If, however, white workers can be assured that their chances of falling into the reserve army of labor are substantially smaller than black workers, for example, then they will endeavor to police this social and economic border. Hence the notion of an "internal colony"
Borders between the working class exist not only at the level of the nation, but within nations. Race, gender, caste, religion, color, national origin, etc. These are also borders--vicious, reactionary borders.
In the post-war heyday of Western social democracy--the age which people like Nagle, Jacobin editors, and Proctor fetishize and idealize--the working class found itself effectively divided between secure workers and insecure workers as *heritable castes*.
The relatively secure, active army of labor knew that they could count on good jobs, pensions, lifelong employment, homeownership, political representation, etc. They knew this because the reserve army of labor, precarious and poor, was enforced as a distinct caste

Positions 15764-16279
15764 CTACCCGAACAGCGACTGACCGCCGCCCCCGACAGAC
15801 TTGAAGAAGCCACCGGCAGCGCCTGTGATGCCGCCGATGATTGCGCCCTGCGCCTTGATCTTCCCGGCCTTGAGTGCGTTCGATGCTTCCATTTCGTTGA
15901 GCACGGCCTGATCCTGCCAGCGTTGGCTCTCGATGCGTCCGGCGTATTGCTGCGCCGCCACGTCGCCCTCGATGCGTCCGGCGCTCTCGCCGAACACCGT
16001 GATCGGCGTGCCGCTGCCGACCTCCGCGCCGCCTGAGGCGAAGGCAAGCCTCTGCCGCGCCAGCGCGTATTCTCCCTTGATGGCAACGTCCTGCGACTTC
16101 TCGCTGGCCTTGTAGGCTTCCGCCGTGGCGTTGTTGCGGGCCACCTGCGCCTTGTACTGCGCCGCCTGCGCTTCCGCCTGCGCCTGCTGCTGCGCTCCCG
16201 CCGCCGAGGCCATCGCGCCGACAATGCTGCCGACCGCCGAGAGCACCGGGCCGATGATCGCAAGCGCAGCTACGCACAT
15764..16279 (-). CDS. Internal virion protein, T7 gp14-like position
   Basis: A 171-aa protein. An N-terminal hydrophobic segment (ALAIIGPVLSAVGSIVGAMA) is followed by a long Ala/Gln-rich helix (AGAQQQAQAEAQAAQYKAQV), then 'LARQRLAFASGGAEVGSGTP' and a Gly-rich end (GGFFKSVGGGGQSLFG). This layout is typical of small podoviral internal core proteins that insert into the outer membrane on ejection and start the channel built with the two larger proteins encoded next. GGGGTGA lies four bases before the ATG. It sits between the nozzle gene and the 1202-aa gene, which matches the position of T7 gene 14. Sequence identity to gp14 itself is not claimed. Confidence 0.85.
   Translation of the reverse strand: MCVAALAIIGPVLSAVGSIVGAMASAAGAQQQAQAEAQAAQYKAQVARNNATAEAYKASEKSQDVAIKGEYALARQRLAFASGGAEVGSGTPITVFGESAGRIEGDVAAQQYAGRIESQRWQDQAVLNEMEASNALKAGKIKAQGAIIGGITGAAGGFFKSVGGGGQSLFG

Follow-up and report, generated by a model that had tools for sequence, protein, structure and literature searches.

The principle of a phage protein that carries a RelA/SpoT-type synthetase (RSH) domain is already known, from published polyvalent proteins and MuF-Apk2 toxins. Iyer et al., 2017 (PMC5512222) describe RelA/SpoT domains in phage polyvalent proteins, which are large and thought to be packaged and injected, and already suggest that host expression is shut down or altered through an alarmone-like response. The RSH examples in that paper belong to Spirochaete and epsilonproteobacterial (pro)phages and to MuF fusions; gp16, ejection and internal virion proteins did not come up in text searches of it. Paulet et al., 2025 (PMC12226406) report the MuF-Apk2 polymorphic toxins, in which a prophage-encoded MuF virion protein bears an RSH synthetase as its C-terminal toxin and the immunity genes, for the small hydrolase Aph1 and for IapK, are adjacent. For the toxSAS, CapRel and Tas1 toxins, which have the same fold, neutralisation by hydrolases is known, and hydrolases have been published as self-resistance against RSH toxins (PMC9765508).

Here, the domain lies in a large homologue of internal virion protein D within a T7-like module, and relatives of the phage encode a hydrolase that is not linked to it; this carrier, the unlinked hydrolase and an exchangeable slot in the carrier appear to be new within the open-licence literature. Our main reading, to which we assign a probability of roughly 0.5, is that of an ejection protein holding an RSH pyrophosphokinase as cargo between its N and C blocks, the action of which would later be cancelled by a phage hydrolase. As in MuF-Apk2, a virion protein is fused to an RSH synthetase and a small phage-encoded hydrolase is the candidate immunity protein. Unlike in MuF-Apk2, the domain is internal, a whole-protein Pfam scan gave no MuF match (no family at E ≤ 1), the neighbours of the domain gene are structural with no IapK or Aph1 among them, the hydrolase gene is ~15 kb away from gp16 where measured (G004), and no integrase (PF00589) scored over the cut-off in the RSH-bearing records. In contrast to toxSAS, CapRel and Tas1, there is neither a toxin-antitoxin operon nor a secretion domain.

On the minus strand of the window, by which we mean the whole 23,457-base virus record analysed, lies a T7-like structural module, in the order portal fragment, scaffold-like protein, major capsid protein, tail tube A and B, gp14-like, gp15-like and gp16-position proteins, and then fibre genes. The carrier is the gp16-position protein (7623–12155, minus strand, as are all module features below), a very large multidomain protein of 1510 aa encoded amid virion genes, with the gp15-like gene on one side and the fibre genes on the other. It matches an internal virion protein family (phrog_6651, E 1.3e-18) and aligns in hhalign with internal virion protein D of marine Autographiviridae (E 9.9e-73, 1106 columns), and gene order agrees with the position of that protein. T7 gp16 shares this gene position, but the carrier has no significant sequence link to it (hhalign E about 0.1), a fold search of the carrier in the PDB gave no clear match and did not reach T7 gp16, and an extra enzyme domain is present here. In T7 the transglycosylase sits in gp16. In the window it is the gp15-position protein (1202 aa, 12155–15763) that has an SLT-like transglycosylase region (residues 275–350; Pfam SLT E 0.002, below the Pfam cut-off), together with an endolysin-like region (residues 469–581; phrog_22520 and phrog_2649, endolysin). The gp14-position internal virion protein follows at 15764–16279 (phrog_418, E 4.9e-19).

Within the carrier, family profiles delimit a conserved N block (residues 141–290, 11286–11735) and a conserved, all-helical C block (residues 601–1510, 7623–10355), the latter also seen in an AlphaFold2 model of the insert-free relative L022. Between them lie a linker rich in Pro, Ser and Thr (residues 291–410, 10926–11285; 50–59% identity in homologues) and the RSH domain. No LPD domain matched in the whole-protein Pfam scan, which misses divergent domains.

When social mobility is low--including, or perhaps especially downward mobility--that is, when class is inherited, the active working class need not unite with the reserve workers. In fact, they need only police the border between the subsets of workers, and ensure their security
It wasn't only intra-national distinctions that effected this de-rationalization, de-universalization of the working class. It was, to an even greater extent, international. Empire, colonialism, globalization. This pushed the precarious reserve army to other countries altogether
This had several effects. In particular, it made the colonized Global South--the periphery of empire--the locus of revolution, because this is where the workers were indeed universalized and all precarious. All were being made worse off.